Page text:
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State Records in 1900:
Dist. of Columbia
1900 U.S. Federal Census Records The 1900 census was begun on 1 June 1900. The
enumeration was to be completed within thirty days, or two weeks for
communities with populations of more than ten thousand.
The 1900 population schedules provide the name of each person in the
household; address; relationship to the head of the household; color
or race; sex; month and year of birth; age at last birthday; marital
status; the number of years married; the total number of children
born of the mother; the number of those children living; places of
birth of each individual and the parents of each individual; if the
individual was foreign born, the year of immigration and the number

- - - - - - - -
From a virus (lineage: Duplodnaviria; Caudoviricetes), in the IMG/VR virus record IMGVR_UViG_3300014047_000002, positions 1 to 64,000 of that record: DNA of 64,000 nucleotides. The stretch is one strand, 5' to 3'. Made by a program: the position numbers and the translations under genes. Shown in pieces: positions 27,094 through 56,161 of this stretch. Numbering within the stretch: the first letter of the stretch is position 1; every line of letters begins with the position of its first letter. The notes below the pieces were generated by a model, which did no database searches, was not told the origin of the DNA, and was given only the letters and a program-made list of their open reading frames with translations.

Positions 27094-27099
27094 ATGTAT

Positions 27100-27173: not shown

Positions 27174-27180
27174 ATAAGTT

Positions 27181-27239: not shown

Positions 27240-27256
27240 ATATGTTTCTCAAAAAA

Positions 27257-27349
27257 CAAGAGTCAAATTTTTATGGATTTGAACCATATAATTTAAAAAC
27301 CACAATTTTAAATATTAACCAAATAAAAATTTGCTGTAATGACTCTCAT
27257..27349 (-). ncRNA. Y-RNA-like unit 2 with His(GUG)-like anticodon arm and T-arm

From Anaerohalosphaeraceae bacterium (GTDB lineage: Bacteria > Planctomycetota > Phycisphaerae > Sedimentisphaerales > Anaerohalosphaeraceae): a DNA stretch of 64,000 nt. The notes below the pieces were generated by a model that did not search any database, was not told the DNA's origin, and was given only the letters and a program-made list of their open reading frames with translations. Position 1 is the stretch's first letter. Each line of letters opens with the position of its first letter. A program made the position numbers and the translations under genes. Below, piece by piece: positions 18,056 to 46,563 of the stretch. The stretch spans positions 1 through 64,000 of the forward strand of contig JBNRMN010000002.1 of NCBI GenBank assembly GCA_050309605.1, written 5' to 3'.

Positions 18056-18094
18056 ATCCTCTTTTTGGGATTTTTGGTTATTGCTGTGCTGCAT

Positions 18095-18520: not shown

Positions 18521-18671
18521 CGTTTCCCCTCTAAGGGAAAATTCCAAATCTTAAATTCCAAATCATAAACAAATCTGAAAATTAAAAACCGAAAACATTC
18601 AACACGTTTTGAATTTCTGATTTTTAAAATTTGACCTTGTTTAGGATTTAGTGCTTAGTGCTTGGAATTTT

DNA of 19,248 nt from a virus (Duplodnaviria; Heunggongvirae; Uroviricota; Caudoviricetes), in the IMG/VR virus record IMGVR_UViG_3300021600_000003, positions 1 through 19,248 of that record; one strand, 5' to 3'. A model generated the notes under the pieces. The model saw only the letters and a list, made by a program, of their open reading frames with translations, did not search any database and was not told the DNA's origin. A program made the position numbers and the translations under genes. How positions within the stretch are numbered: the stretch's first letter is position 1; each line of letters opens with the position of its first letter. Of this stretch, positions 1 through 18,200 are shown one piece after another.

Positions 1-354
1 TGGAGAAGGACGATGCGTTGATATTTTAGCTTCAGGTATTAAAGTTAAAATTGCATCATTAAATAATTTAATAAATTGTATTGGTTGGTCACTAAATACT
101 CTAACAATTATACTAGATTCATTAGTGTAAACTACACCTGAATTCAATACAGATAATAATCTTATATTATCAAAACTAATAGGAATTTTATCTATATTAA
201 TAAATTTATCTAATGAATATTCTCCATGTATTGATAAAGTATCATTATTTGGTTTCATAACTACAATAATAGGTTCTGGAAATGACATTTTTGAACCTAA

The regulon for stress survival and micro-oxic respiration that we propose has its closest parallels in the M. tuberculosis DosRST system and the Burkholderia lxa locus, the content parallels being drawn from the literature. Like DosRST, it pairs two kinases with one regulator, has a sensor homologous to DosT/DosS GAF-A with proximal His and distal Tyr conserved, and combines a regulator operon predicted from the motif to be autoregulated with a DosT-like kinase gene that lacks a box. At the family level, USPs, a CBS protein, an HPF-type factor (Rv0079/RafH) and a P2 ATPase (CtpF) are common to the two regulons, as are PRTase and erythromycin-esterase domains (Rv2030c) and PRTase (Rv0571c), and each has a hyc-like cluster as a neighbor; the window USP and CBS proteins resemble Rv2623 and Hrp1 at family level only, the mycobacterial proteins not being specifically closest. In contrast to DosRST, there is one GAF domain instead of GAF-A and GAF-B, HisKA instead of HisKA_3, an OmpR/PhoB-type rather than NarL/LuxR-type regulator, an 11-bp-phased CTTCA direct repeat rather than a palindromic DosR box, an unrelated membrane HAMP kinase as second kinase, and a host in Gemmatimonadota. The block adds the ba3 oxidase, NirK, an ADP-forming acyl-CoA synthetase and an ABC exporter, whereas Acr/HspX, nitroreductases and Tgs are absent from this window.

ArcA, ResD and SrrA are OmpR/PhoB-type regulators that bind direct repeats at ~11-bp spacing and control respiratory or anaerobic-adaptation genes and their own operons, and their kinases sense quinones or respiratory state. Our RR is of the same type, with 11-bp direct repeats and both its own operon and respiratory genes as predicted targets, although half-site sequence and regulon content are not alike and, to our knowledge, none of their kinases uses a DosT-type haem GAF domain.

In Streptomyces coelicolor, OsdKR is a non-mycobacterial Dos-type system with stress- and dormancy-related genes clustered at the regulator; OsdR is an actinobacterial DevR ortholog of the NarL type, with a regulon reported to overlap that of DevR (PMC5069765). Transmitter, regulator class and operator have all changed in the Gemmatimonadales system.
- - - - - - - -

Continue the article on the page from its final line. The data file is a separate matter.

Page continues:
of years in the United States; the citizenship status of foreign-born
individuals over age twenty-one; occupation; whether the person could
read, write, and speak English; whether the home was owned or rented;
whether the home was on a farm; and whether the home was mortgaged.
The 1900 census is the only available census that provides columns
for including the exact month and year of birth of every person enumerated.
Previous censuses, and even the 1910 and 1920 censuses, include only
the ages. The 1900 census is also the only census to include space
to record the number of years couples were married, the number of
children born to the mother, and how many were still living. This
census was also the first to indicate how long an immigrant had been
in the country and whether naturalized; whether a home or farm was
owned or rented and whether the owned property was free of mortgage.